By Juan Cole | (Informed Comment) –
Israeli polling is suggesting that Binyamin Netanyahu’s party might get only 21 seats or less in the 120-seat Israeli parliament, with his rivals, the Zionist Union, getting 24 or 25. There is even the possibility of the gap between the two widening and Netanyahu doing even worse.
The party that gets the most seats will have the opportunity to try to put together a government coalition of 61 seats or more– a majority that can survive a vote of no confidence.
Although Netanyahu tries to make the issue far-away Iran, which is bogged down in Iraq now, the Israeli public is on the whole not buying his scare-mongering. Economic issues like high rents and a growing wealth gap and undue influence of billionaires such as Sheldon Adelson on the Likud Part of Netanyahu all loom larger as issues than does Tehran.
The Palestinian-Israeli bloc, made up of what the Israelis call “Arab Israeli” parties and the Communist Party, now looks as though it could be the third biggest party. If the Palestinian-Israelis, who are 20% of the population, are able to do that well, they could well decide to back the Zionist Union of Isaac Herzog and Tzipi Livni, bringing the latter in striking distance of the 61 seats they need.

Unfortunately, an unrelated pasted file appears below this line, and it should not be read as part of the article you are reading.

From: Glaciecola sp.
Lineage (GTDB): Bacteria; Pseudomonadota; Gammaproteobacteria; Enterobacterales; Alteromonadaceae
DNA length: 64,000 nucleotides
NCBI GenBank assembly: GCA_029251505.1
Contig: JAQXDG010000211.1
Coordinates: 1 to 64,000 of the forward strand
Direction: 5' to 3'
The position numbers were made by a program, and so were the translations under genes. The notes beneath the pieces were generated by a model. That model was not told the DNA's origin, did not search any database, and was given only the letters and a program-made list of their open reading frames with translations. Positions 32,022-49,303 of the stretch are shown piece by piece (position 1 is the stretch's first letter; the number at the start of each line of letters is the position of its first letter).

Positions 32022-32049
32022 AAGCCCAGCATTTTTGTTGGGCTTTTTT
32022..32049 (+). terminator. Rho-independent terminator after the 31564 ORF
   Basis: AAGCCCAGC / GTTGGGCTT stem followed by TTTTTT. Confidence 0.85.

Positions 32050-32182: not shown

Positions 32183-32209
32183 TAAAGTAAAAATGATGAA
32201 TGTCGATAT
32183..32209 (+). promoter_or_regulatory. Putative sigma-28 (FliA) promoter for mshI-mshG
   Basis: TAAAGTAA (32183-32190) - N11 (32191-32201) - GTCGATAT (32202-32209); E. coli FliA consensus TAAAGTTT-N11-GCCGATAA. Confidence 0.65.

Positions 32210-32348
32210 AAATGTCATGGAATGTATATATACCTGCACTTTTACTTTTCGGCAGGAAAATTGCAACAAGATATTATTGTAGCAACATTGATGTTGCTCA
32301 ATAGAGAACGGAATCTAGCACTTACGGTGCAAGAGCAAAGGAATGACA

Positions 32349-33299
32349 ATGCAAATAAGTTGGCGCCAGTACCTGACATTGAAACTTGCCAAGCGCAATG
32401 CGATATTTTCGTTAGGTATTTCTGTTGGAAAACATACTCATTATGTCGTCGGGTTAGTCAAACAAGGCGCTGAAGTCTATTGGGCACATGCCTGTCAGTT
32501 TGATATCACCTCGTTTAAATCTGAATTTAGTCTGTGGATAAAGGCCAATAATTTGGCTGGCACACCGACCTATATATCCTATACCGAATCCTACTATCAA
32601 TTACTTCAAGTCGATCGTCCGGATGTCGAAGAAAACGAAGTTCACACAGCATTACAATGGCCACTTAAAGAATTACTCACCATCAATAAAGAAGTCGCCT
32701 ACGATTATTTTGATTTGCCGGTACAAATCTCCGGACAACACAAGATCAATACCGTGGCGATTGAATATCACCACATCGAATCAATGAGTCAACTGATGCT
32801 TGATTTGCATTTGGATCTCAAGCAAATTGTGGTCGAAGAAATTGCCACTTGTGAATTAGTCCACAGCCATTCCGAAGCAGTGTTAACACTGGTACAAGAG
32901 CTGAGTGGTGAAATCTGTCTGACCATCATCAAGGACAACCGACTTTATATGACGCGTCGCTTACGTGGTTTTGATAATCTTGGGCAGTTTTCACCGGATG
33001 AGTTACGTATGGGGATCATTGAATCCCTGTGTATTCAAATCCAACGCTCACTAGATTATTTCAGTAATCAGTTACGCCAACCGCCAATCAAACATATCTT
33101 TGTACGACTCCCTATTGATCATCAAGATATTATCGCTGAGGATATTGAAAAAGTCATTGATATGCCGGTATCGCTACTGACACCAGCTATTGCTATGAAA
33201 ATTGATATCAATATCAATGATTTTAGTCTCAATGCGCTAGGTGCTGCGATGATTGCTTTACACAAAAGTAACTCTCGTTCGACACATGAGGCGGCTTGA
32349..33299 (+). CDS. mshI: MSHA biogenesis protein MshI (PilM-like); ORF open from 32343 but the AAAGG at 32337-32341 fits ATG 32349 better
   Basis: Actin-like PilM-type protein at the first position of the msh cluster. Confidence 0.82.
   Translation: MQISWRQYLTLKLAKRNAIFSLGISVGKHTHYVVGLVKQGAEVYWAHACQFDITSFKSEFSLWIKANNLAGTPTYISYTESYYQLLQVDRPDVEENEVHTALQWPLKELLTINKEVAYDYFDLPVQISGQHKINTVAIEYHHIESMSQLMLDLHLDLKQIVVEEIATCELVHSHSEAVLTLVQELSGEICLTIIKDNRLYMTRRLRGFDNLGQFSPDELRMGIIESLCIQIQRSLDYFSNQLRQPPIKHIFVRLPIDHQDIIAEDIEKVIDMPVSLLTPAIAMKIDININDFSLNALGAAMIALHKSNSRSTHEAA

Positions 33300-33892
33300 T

Netanyahu is portraying this outcome as disastrous for Israeli security.
But such a government might well be willing to settle the Palestine issue with Secretary of State John Kerry and the Palestine Authority, pulling Israel back from the brink of declining into full Apartheid and international isolation. Livni has said she’d be willing to use police to remove some Israeli squatters from the Palestinian West Bank. Of course, that is a thorny and intractable problem and the hundreds of thousands of Israeli squatters are a powerful lobby against peace, so there is no guarantee a new government can have more success than the old.
While Livni is no liberal (she would rotate the prime ministership with Herzog if they won), and will watch the negotiations with Iran like a hawk, she is in the end a pragmatist, and Obama would probably see an end to Israeli direct interference in his negotiations with Iran.
On the other hand, if Netanyahu wins, likely he will continue policies that make it unlikely for Israel to survive another half century in the region. Israel’s economy is fragile and a third of its trade is with Europe, with which Israel also has extensive technology transfer. Growing European boycotts over the Israeli scuttling of the peace process and determined colonization of the West Bank will begin to bite.